My rating: 4 of 5 stars

A look at German philosophy in the decade of the 1920's, focusing on Ludwig Wittgenstein, Walter Benjamin, Ernst Cassirer, and Martin Heidegger. A well told tale. Eilenberger combines story with acute analysis of these complex philosophers and their ideas. These are some of the most easy comprehended introductions to their thought I've encountered.

Opening in the aftermath of the First World War with its traumatizing scars upon these thinkers, their families, and cultures, and concluding as the horizon begins to darken with the clouds of National Socialism, Germany in the 1920's is fertile ground for new philosophical visions. One wonders what impact our current global pandemic might have in seeding new thoughtforms in the 2020's?

While the stories are enjoyable and the discussions of their philosophies are lucid, I completed the volume unsure of the actual point. What larger lessons was I supposed to draw from the book? Why these four particular thinkers? It didn't seem that the focus on these four and their limited interactions (though much is made of a public debate between Cassirer and Heidegger) generated any overarching takeaways.

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Averno

AvernoAverno by Louise Glück
My rating: 5 of 5 stars

"Time passed, and some of it became this.
And some of it simply evaporated;
you could see it float above the white trees
forming particles of ice."

This is now the third book of hers I've read since she won the Nobel. I regret not having read her before, but also feel that arriving at her work precisely now is right. She is an essential voice for expressing the thoughts and feelings of our pandemic moment. The ways in which her poems express beauty deeply acquainted with darkness and suffering that leave you pondering whether they are completely despairing or if there is a glimmer of vital hope?

And this volume is a meditation on death and our how our mortality connects to the earth and our earthiness. For instance, in the title poem. A cultivated field has burned and yet new plants appear in the spring. She concludes with this searing stanza:

"The terrible moment was the spring after his work was erased,
when he understood that the earth
didn't know how to mourn, that it would change instead.
And then go on existing without him."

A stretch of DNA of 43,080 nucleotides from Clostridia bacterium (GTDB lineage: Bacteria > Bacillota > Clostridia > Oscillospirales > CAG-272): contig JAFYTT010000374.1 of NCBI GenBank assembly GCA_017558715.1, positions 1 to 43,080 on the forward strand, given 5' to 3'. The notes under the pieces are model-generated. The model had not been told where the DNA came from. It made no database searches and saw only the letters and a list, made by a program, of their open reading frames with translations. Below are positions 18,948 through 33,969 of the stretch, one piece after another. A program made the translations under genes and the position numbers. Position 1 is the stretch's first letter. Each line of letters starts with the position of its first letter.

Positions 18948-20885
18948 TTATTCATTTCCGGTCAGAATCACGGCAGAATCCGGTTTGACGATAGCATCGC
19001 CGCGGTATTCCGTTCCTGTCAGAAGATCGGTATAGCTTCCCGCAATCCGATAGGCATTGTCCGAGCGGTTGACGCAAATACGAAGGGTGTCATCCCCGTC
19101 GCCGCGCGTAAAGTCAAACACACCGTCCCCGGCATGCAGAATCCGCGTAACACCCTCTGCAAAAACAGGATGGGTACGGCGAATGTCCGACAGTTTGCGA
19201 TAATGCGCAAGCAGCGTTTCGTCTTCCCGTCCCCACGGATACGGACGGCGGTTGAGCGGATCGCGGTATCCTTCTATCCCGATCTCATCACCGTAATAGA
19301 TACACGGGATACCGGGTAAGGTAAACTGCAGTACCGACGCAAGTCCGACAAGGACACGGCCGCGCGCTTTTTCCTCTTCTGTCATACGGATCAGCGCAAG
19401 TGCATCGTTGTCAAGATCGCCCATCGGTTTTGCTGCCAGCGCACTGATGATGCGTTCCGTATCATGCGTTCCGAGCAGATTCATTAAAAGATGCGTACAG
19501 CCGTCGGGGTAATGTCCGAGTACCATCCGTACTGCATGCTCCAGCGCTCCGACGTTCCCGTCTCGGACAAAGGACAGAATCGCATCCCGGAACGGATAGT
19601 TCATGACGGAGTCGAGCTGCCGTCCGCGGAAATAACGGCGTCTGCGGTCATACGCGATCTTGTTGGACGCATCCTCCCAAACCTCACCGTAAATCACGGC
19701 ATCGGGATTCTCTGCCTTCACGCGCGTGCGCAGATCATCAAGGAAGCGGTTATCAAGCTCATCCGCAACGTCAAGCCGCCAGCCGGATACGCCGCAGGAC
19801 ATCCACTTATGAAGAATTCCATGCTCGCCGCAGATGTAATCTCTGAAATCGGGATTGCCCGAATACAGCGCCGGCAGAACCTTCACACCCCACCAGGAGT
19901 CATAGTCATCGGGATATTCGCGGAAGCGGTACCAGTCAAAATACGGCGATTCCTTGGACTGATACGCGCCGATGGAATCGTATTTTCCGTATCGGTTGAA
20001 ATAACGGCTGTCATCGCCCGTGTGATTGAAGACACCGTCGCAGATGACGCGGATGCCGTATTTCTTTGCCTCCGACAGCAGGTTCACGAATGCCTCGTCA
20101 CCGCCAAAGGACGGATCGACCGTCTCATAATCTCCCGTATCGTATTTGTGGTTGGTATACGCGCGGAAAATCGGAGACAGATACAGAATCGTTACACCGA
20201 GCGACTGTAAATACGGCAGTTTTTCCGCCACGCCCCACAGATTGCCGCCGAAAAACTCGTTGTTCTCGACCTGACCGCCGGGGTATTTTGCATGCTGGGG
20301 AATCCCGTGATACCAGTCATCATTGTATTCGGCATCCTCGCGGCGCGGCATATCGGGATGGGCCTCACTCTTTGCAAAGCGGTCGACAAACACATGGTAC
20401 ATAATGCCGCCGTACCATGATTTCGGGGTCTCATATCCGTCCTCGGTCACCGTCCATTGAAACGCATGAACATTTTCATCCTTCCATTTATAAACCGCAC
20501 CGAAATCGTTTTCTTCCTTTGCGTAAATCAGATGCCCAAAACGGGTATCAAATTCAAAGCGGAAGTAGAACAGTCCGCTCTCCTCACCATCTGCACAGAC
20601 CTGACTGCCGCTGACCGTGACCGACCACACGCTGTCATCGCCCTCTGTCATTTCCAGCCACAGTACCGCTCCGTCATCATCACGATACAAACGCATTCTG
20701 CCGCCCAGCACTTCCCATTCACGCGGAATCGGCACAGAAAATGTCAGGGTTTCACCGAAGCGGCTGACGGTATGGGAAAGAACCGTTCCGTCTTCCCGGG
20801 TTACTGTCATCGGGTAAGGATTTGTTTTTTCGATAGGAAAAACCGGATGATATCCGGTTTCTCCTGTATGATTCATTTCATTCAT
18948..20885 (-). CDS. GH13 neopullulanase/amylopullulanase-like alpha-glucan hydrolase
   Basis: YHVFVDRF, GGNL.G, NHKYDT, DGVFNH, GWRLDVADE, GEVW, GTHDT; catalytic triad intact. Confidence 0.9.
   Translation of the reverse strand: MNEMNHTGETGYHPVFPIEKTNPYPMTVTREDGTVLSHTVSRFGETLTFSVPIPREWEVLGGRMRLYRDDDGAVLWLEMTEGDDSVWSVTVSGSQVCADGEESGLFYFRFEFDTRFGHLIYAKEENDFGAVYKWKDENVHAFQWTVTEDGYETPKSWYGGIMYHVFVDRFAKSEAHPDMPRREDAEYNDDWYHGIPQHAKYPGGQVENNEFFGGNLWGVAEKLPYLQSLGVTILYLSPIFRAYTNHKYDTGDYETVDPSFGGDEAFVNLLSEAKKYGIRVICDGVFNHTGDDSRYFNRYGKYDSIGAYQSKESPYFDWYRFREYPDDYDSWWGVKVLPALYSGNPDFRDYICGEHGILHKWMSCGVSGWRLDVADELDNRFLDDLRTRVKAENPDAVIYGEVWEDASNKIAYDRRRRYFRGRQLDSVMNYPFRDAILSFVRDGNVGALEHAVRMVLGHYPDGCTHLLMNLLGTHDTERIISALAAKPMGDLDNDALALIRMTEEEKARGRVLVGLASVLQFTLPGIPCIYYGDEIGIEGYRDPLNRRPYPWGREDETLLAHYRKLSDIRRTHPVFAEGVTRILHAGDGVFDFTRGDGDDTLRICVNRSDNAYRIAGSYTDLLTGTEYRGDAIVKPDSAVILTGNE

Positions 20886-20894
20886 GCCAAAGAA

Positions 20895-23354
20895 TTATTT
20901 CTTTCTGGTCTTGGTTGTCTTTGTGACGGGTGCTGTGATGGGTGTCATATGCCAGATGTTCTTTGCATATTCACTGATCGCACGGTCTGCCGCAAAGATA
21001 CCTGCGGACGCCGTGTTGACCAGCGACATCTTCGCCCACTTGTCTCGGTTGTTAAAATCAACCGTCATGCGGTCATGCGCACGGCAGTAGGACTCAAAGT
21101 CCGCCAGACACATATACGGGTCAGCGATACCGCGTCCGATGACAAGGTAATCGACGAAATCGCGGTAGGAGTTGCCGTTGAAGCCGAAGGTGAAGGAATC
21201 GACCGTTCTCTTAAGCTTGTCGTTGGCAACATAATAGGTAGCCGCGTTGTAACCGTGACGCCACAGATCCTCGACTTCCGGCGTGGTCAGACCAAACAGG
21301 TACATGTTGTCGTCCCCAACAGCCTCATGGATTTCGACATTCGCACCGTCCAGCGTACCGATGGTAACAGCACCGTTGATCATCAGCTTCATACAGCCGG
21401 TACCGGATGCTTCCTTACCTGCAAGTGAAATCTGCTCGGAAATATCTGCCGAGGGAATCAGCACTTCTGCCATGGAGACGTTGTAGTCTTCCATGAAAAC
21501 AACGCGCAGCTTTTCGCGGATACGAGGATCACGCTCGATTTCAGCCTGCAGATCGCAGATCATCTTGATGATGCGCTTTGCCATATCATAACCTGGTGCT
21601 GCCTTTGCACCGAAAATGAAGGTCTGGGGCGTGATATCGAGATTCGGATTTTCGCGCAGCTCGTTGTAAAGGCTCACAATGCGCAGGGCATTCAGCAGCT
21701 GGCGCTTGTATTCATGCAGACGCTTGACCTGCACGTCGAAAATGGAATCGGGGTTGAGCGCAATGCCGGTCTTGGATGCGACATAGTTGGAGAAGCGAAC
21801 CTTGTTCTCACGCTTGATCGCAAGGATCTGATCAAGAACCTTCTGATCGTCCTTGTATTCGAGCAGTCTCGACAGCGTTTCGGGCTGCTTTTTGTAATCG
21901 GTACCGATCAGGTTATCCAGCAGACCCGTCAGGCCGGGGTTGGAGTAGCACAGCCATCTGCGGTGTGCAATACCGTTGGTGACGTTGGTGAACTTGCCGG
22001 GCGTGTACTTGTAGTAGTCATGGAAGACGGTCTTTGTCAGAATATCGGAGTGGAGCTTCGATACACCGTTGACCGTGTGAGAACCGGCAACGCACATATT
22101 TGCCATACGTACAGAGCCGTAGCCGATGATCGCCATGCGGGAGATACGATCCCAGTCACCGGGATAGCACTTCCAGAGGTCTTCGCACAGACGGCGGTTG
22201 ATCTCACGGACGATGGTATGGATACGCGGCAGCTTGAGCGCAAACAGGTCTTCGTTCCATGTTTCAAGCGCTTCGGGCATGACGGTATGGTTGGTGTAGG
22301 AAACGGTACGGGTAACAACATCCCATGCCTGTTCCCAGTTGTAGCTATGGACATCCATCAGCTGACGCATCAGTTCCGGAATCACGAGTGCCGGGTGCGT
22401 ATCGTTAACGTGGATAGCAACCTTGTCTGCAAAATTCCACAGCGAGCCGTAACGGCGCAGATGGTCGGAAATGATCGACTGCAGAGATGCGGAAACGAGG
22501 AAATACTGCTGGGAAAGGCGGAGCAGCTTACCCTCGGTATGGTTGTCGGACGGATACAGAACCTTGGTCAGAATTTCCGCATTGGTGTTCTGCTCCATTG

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Of Plymouth Plantation

Of Plymouth PlantationOf Plymouth Plantation by William Bradford
My rating: 3 of 5 stars

I read my first excerpt of Bradford's book in tenth grade American Literature class. It was sitting in Mrs. Douthitt's classroom that I first heard the story of my ancestor John Howland falling off the boat and catching a halyard by which he was pulled back in. I experienced an existential moment, realizing that this story from "literature" affected whether or not I even existed.

So it is odd that I had never ventured to read Bradford's book until now. I've read a handful of other historian's books on the Mayflower and the Plymouth colony. But with this being the 400th anniversary year, I thought I should correct my lack.

But little of Bradford's account contains the vivid story like Howland falling off of the Mayflower. Huge sections of the book go into details about controversies over the later business dealings of the colony. Clearly Bradford was trying to defend the colony to the wider English reading audience, but doesn't make for riveting reading four centuries later. Other than to remind you of how much this was also a business enterprise.

There are vivid moments. like the description of how smallpox ravished Native tribes. And the book is a strong reminder of how harrowing and traumatizing the whole experience was on those original pilgrims.

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Intimations

IntimationsIntimations by Zadie Smith
My rating: 3 of 5 stars

Smith's sketches of life during the early weeks of the pandemic are more phenomenological than analytical. There are moments of brilliance. The essay on suffering is the best in the book. Other parts were less engaging. The final sentence is powerful (I won't copy it here). So a good record for the future to give some sense of how bewildering the moment was.